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Estimates of peer effects in adolescent smoking across twenty six European Countries

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  • McVicar, Duncan

Abstract

Although it is widely believed that one of the key factors influencing whether an adolescent smokes or not is the smoking behaviour of his or her peers, empirical evidence on the magnitude of such peer effects, and even on their existence, is mixed. This existing evidence comes from a range of studies using a variety of country-specific data sources and a variety of identification strategies. This paper exploits a rich source of individual level, school-based, survey data on adolescent substance use across countries – the 2007 European Schools Survey Project on Alcohol and Other Drugs – to provide estimates of peer effects between classmates in adolescent smoking for 75,000 individuals across 26 European countries, using the same methods in each case. The results suggest statistically significant peer effects in almost all cases. These peer effects estimates are large: on average across countries, the probability that a ‘typical’ adolescent smokes increases by between.31 and.38 percentage points for a one percentage point increase in the proportion of classmates that smoke. Further, estimated peer effects in adolescent smoking are stronger intra-gender than inter-gender. They also vary across countries: in Belgium, for example, a one percentage point increase in reference group smoking is associated with a.16 to.27 percentage point increase in own smoking probability; in the Netherlands the corresponding increase is between.42 and.59 percentage points.

Suggested Citation

  • McVicar, Duncan, 2011. "Estimates of peer effects in adolescent smoking across twenty six European Countries," Social Science & Medicine, Elsevier, vol. 73(8), pages 1186-1193.
  • Handle: RePEc:eee:socmed:v:73:y:2011:i:8:p:1186-1193
    DOI: 10.1016/j.socscimed.2011.08.006
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    References listed on IDEAS

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    1. Lundborg, Petter, 2006. "Having the wrong friends? Peer effects in adolescent substance use," Journal of Health Economics, Elsevier, vol. 25(2), pages 214-233, March.
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    8. Charles F. Manski, 1993. "Identification of Endogenous Social Effects: The Reflection Problem," Review of Economic Studies, Oxford University Press, vol. 60(3), pages 531-542.
    9. Clark, Andrew E. & Loheac, Youenn, 2007. ""It wasn't me, it was them!" Social influence in risky behavior by adolescents," Journal of Health Economics, Elsevier, vol. 26(4), pages 763-784, July.
    10. repec:aph:ajpbhl:2004:94:1:96-102_7 is not listed on IDEAS
    11. Maes, Lea & Lievens, John, 2003. "Can the school make a difference? A multilevel analysis of adolescent risk and health behaviour," Social Science & Medicine, Elsevier, vol. 56(3), pages 517-529, February.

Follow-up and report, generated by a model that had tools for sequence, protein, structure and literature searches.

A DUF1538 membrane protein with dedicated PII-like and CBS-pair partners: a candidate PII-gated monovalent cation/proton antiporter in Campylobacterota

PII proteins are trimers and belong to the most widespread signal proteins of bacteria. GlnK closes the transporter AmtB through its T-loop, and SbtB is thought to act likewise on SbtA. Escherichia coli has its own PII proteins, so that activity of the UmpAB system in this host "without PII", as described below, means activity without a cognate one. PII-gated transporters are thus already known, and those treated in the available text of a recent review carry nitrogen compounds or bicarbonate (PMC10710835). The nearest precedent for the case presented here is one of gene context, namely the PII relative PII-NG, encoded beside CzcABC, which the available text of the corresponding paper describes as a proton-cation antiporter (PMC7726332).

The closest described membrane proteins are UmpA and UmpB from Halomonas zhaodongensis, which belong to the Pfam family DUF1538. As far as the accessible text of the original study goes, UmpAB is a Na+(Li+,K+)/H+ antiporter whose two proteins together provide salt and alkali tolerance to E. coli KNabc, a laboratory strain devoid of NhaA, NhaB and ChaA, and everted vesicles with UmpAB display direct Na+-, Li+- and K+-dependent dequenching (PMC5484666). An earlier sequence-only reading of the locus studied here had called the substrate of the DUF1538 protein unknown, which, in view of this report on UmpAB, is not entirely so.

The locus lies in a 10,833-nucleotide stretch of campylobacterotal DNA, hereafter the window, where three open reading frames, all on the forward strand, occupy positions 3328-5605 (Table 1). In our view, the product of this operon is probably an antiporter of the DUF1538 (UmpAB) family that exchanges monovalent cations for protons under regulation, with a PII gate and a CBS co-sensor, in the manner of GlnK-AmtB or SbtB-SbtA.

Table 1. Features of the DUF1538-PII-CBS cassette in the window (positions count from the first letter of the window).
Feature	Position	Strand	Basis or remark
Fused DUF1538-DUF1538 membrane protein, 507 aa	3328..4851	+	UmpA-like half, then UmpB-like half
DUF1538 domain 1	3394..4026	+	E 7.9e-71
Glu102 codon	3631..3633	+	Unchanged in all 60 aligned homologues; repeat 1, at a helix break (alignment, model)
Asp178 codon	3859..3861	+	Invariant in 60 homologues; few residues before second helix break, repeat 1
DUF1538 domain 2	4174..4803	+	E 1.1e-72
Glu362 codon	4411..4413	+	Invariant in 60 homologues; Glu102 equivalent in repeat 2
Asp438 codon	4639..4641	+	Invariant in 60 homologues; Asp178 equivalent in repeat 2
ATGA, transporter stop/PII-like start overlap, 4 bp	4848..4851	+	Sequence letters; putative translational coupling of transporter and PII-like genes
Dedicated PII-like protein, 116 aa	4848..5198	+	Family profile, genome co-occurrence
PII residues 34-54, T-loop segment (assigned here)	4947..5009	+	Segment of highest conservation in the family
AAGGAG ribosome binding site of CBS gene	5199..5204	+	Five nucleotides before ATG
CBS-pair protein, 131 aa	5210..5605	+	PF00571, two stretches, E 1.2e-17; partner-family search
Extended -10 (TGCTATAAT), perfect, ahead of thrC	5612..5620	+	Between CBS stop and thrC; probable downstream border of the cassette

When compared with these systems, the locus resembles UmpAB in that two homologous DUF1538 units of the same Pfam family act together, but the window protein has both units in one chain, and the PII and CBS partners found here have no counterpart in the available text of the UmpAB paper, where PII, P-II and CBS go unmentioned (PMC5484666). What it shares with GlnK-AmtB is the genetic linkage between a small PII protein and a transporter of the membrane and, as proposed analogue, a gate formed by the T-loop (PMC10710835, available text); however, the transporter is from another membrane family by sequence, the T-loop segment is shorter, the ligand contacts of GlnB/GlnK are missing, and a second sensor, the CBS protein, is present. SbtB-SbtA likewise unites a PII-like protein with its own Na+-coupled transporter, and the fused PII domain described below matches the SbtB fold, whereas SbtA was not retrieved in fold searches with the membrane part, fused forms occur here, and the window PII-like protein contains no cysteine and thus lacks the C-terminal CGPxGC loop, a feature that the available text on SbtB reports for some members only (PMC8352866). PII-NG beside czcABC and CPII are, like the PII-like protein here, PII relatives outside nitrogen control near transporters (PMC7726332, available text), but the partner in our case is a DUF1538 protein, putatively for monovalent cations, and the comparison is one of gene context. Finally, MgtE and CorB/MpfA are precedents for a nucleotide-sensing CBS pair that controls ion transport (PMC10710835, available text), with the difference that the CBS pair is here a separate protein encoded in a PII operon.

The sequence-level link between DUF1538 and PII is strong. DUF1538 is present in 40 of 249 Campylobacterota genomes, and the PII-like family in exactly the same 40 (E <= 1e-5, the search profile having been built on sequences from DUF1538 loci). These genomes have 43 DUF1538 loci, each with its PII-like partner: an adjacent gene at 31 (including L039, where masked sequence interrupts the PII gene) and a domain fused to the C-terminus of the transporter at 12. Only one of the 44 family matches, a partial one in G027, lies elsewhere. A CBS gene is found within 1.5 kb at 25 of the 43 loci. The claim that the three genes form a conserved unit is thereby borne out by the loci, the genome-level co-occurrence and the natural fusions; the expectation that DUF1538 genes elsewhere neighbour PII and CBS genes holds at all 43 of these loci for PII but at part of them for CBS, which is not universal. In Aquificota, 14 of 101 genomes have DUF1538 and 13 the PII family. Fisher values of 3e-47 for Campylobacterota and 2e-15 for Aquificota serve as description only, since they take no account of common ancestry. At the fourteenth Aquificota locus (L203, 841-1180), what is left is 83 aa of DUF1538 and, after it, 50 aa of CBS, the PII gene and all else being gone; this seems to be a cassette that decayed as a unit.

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    Citations

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    Cited by:

    1. John Moriarty & Duncan McVicar & Kathryn Higgins, 2012. "Peer Effects in Adolescent Cannabis Use: It's the Friends, Stupid," Melbourne Institute Working Paper Series wp2012n27, Melbourne Institute of Applied Economic and Social Research, The University of Melbourne.
    2. Alfred Kechia Mukong, 2017. "Peer Networks and Tobacco Consumption in South Africa," South African Journal of Economics, Economic Society of South Africa, vol. 85(3), pages 341-367, September.
    3. Duncan McVicar, 2012. "Cross Country Estimates of Peer Effects in Adolescent Smoking Using IV and School Fixed Effects," Melbourne Institute Working Paper Series wp2012n07, Melbourne Institute of Applied Economic and Social Research, The University of Melbourne.
    4. Duncan McVicar & Arnold Polanski, 2014. "Peer Effects in UK Adolescent Substance Use: Never Mind the Classmates?," Oxford Bulletin of Economics and Statistics, Department of Economics, University of Oxford, vol. 76(4), pages 589-604, August.
    5. R. Duarte & J. Escario & J. Molina, 2014. "Are estimated peer effects on smoking robust? Evidence from adolescent students in Spain," Empirical Economics, Springer, vol. 46(3), pages 1167-1179, May.
    6. Timo-Kolja Pförtner & Bart Clercq & Michela Lenzi & Alessio Vieno & Katharina Rathmann & Irene Moor & Anne Hublet & Michal Molcho & Anton Kunst & Matthias Richter, 2015. "Does the association between different dimension of social capital and adolescent smoking vary by socioeconomic status? a pooled cross-national analysis," International Journal of Public Health, Springer;Swiss School of Public Health (SSPH+), vol. 60(8), pages 901-910, December.
    7. Rosa Duarte & José-Julián Escario & José-Alberto Molina, 2014. "Broader versus closer social interactions in smoking," Mind & Society: Cognitive Studies in Economics and Social Sciences, Springer;Fondazione Rosselli, vol. 13(2), pages 183-194, November.
    8. Duncan McVicar & Julie Moschion & Chris Ryan, 2013. "Right Peer, Right Now? Endogenous Peer Effects and Achievement in Victorian Primary Schools," Melbourne Institute Working Paper Series wp2013n22, Melbourne Institute of Applied Economic and Social Research, The University of Melbourne.

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    Keywords

    Peer effects; Smoking; Tobacco; Adolescents; School; Europe;

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